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5 cheap and easy ways to save energy in the home

Friday, 5 June, 2020 / Published in

If you’re looking to save money and do your bit for the environment at the same time, consider making some quick and cost-efficient changes in your home. In this blog we show you five easy ways to save energy (and money!) with some low-cost kit that you can easily find at your local hardware store or online – search around and they can be found for under £20.

Water-saving shower heads

You might assume that taking a shower is more efficient than a bath, but it’s not always the case. High-volume power showers, for example, can use more water than the average bathtub. If you have an electric shower, this one isn’t for you as they are configured to only heat the water you need – but if your shower takes hot water straight from your boiler or hot water tank, try fitting a special water efficient shower head. The specially designed shower heads reduce the amount of water used – from around 22 litres per minute to nine litres per limit or even less with the newest designs. Fitting a water saving shower head can save as much as £70 a year on gas, and £115 a year on water bills.

LED low voltage light bulbs

Changing your light bulbs to low-voltage LED bulbs is one of the easiest and quickest ways to save energy. You can get most kinds of LED bulbs in the supermarket, so you can pick them up alongside your normal weekly shop. LED bulbs have advanced in years and are now as bright as standard light bulbs, so the only change you can expect is a reduction in your electricity bills. LED bulbs use around 90% less energy than halogen bulbs and last 50 times longer. Making this change could save you about £35 a year.

Change regular extension cables to smart power strips

We all use extension leads – our lives involve many devices, many of which need charging regularly or are designed to be kept on standby. You can now buy ‘smart’ power strips, which look very similar, but are designed to allow you to turn all your standby devices off in one go. It’s also possible to purchase smart strips with a timer, so you can choose them to go off while you’re sleeping. Smart strips cost from around £15 for a basic model and can ensure that your standby devices aren’t draining your energy (and cash) when not in use.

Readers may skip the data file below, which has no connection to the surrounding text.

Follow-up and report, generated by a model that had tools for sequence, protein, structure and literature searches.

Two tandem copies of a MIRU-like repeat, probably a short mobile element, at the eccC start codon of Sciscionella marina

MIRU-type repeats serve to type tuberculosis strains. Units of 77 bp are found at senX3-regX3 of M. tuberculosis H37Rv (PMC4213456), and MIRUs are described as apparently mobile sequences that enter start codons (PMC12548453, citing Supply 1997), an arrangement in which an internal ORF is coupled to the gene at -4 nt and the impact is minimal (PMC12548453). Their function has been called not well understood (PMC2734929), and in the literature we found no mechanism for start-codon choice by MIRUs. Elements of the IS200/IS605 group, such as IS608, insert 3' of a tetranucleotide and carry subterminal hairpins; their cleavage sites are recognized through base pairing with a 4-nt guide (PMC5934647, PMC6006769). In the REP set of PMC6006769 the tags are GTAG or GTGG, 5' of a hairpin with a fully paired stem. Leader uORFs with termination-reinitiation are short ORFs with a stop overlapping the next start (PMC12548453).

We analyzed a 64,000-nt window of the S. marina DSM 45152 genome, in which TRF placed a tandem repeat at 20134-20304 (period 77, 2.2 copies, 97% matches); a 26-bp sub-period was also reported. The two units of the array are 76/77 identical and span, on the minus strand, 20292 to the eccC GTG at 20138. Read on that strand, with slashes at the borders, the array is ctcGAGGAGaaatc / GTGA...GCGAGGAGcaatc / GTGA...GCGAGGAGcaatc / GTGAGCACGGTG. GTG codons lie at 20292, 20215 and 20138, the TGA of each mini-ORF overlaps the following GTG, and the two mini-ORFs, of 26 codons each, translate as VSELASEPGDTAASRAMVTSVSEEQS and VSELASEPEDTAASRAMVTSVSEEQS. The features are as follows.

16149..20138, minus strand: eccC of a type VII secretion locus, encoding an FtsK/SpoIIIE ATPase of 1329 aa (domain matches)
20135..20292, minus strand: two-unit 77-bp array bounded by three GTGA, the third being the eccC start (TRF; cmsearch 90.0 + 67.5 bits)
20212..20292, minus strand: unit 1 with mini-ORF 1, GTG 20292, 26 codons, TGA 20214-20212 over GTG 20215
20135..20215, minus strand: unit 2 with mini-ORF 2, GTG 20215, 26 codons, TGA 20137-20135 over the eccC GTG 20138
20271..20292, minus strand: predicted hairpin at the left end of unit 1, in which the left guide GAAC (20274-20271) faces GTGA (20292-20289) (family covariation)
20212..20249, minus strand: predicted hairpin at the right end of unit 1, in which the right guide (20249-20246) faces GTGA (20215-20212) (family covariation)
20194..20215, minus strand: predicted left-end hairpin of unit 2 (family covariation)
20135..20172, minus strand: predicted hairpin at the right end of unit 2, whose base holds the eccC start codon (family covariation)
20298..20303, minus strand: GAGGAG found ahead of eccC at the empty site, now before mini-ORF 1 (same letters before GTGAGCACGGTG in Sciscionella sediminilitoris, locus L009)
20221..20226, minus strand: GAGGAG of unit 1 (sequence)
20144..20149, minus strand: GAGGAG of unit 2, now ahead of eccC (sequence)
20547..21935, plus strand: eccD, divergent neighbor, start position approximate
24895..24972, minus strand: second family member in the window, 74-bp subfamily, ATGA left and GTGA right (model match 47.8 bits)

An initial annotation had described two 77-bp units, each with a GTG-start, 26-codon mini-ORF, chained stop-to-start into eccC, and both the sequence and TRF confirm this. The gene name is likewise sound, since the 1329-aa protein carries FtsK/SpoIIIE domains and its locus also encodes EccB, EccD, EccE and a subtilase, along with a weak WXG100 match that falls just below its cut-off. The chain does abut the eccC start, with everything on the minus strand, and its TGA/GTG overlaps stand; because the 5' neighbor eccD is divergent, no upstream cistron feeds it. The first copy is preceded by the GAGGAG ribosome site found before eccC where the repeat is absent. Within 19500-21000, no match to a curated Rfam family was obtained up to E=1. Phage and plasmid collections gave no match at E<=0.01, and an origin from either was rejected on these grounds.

Seal gaps around doors and windows

If you live in a period property, you might notice draughts – new build homes are often well draught proofed. If you’re feeling the chill, you’re also losing heat and money. As well your doors, you should check gaps around windows, floors and the chimney. Professional draught excluding can be expensive, but you can also use self-adhesive foam, metal or plastic strips – with or without brushes – to fit in particularly large gaps, or silicone sealant for smaller draughts. Other easy wins include keyhole covers, letterbox flaps and covers, and flexible silicone fillers between floorboards and pipework. All of these can be found in shops like B&Q.

Insulate your eaves and attic

Hot air rises and gets lost in the cold space in your loft or attic – about a quarter of heat is lost through the roof of an uninsulated home. The first place to start is by blocking of draughts around your loft hatch. You can do this with low-cost strip insulation as you would on a door, or sealant; just head down to your hardware store. Don’t forget to insulate your loft, attic or flat roof too. It’s simple and effective for around 40 years – it should pay for itself many times over and can often be done ‘DIY’, rather than calling in the professionals. Rolls are around £20 each, so you can do areas in stages if you’re counting the pennies, or you may be able to get a grant from the government. Either way, you could save up to £250 a year on your heating bill.

Feeling inspired to create change for the better? Read our blog on the best ways to make your home more energy efficient – some longer term projects and quick wins in this one.


Statistics: Energy Saving Trust.



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